Recently, the magnitude of sexual assault and harassment in all areas of our society has become evident through movements like #MeToo, #ChurchToo, #TimesUp, and #SilenceIsNotSpiritual, which have brought awareness to a previously hidden sad reality in our midst. In what ways have complementarian or egalitarian positions influenced this situation? Why is sexual harassment too common in churches and among Christians? Recently, stories from prominent complementarian and egalitarian contexts show neither position is completely safe from discriminating against women. We all can do better.

Regardless of our culture, background, and gender, all human beings are essentially and ontologically the same. We all are created in the image of God. As bearers of God’s image, we all share the same value and dignity. We are indeed “fearfully and wonderfully made” (Ps. 139:14). The imago Dei defines our essence as human beings. Our gender and cultural, personal, and experiential variables are secondary and not essential. They are important, but not fundamental.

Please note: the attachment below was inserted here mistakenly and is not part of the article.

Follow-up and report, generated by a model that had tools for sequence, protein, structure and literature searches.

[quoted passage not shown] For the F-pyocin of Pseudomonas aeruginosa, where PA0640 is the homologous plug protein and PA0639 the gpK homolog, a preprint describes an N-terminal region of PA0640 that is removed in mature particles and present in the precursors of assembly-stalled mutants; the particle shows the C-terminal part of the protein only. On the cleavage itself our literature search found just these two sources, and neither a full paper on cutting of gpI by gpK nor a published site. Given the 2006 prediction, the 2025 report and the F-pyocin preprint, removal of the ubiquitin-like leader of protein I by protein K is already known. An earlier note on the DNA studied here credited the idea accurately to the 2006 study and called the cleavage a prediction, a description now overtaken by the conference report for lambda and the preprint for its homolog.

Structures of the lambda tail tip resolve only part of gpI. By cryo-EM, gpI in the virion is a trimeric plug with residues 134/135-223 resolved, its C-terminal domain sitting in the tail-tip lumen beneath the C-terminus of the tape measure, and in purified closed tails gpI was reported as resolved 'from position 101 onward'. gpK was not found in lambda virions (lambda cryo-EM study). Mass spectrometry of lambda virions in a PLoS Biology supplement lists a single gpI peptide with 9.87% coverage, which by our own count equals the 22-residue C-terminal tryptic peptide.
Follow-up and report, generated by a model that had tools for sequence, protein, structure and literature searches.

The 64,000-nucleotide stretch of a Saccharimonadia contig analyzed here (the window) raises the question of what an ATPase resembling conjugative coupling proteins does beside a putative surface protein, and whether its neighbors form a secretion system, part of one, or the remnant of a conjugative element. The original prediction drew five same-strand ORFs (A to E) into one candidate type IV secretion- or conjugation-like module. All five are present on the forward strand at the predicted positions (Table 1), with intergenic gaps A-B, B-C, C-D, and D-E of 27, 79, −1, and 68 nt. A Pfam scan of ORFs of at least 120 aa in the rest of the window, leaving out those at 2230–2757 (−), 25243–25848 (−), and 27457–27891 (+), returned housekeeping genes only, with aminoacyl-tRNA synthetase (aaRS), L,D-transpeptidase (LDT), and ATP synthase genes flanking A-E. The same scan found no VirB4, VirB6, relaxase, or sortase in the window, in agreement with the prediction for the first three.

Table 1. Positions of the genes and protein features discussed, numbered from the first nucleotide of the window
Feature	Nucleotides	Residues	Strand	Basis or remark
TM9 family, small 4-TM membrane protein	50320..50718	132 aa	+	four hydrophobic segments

Nevertheless, our gender is foundational to our existence. God created human beings in his image as male and female, and they complement each other (Gen. 1:27). Both genders are called to rule the earth as God’s representatives and were created to be in relationship with each other and with all human beings. Each gender is fully human, but both genders are needed to represent the completeness of humanity.

Males and females are both the same in essence as fully human beings, but at the same time they are different. So, it becomes imperative to clarify if these gender differences have implications for church ministry. Intriguingly, the discussion tends to focus primarily ...

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